MINERS STAND UP TO GOV. “SCABBITT.”
The 1983 copper miners’ strike in Clifton-Morenci, AZ, happened 30 years ago last month. But reminiscing about the strike conjures up powerful memories and emotions even now. My wife, Ceci Cruz (whose father was one of the co-founders of the Mine, Mill, and Smelter Workers union in Arizona, which evolved into the United Steel Workers), and I were involved in that strike. Ceci headed one of the local strike support committees that emerged, and I went to Clifton to rally with the strikers.
The strike pitted workers against the giant Phelps Dodge (PD) Corporation, which has the nefarious distinction of having engineered the Bisbee Deportation of 1917. In that reprehensible action, PD broke a miners’ strike by conspiring with the local sheriff to arrest 2,000 strikers, who were then herded into boxcars and railroaded out of town and dumped in the New Mexico desert.
In May, 1983, Local 616 of the United Steel Workers of America and PD were negotiating a new contract. The union agreed to a wage freeze but was pushing to hold on to cost of living adjustments. In recent years, similar agreements had been accepted by other mining corporations in Arizona and elsewhere.
But PD was riding the anti-union sentiment initiated in 1981, when President Ronald Reagan fired thousands of striking air-traffic controllers and broke their union, the Professional Air Traffic Controllers Organization (PATCO).
The negotiations failed to reach an agreement, and on July 1, 1983, a strike involving over 2,000 workers from Clifton, Morenci, Ajo, and Douglas, Arizona, began.
Soon, miners were subjected to undercover surveillance and unlawfully arrested; those who lived in PD-owned homes were evicted. By month’s end, PD announced that striking workers at the Morenci Mine would be permanently replaced. And injunctions limiting both picketing and demonstrations at the mine were obtained.
Then all hell broke loose. In August, Arizona’s Democratic Governor, Bruce Babbitt, staged an invasion of the town. He sent in hundreds of state troopers and combat-armed National Guard members, backed up by military vehicles and helicopters, to break the strike so that PD could continue operating with non-union workers. Which is why in all of Arizona’s mining towns, Babbitt is to this day known as Governor Scabbitt. Machinists and other AFL-CIO unions stood with the United Steel Workers, so Babbitt’s invasion was against many unions.
Unions nurture a culture of community. Being part of that culture and participating in a collective action such as a strike are empowering experiences. Thus, even in the face of what amounted to a military occupation of their community and soldiers and police shooting tear gas bombs in their midst, the miners and their families maintained their solidarity and their resolve.
Fortunately, a photographer and an artist captured the dynamics of the strike. Former Tucson City Councilman and current Arizona State Representative Bruce Wheeler went to Clifton-Morenci to support the strikers and took some great pictures, some of which are embedded in my blog.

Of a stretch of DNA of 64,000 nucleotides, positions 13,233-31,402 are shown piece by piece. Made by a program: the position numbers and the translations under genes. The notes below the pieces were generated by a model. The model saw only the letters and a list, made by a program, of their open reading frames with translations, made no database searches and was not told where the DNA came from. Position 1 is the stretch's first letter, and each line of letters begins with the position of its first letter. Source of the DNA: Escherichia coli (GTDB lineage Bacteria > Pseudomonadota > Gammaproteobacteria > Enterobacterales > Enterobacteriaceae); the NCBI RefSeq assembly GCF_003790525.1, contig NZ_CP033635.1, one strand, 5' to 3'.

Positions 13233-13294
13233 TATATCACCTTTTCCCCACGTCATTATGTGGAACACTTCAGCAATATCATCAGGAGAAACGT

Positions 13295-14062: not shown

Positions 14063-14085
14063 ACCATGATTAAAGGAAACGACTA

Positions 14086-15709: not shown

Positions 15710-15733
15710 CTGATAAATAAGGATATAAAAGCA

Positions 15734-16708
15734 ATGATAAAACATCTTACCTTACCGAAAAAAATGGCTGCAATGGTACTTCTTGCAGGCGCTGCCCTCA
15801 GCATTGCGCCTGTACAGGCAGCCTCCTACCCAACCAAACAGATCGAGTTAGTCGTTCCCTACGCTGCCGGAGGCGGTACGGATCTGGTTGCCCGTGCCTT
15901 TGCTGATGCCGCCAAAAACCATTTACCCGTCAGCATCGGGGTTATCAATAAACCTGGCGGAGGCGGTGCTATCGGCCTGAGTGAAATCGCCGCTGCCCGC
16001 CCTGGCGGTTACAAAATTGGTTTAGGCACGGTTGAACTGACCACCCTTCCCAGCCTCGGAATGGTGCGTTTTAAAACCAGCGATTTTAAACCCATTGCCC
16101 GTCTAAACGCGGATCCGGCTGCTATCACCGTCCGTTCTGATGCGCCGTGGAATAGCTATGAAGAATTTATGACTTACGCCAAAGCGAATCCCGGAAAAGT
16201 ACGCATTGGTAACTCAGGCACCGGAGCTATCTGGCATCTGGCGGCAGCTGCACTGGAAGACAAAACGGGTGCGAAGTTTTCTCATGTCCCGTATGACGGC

Chicano artist David Tineo captured the dynamics of the strike in an iconic mural he painted in the Local 616 union hall. Fortunately, when the union moved, the mural was preserved by the building’s new owner, retired dentist Jeff Gaskin. Dr. Diana Uribe took the pictures of the mural I include here.
Many heroes and heroines emerged from the strike. A sampling of these: The Clifton-Morenci women. As in the 1951 strike by the Mine, Mill, and Smelter Workers union against the Empire Zinc Mine in New Mexico (on which the movie “Salt of the Earth” is based), the miners’ wives and daughters in Clifton-Morenci walked the daily picket lines and stood up to the occupying army of the National Guard when PD obtained injunctions barring union men from picketing.
The Irish-Yaqui doctor Dr. Jorge O’ Leary and his wife Anna opened up a free People’s Clinic (staffed by volunteers and supplied by donations) after PD fired him for the “offense” of providing medical care to the sick child of a striking miner.
Although Babbitt had convinced the Democratic establishment to abandon the strikers, Democratic State Senator Luis Gonzales and Democratic State Representatives Peter Ríos and Jesús “Chuy” Higuera picketed with the workers and held a press conference on the hill overlooking Clifton and demanded that Babbitt withdraw his troops.
Attorney Michael McCrory, who represented the miners during the strike and never lost a case he fought on their behalf.
Angel Rodriguez, the President of United Steel Workers Local 616, led the strike and had to deal with everything: providing leadership and inspiration to his members, the press (the strike garnered national attention), PD and its minions (local law enforcement and politicians), the many and sundry crises that arise during a strike. And he did it superlatively.
Despite the valiant stand of the miners and their families, PD, in collaboration with Governor Babbitt and the Democratic and Republican establishments (who says there’s no bipartisanship in Arizona politics?), succeeded in breaking the strike and having the union decertified a couple of years later.
But the people’s pride and resilience remain strong. I saw those on a recent visit to Clifton-Morenci. Neither greedy corporations nor unprincipled politicians can destroy those.
Copyright 2013 by Salomon Baldenegro
Salomon can be reached at: email@example.com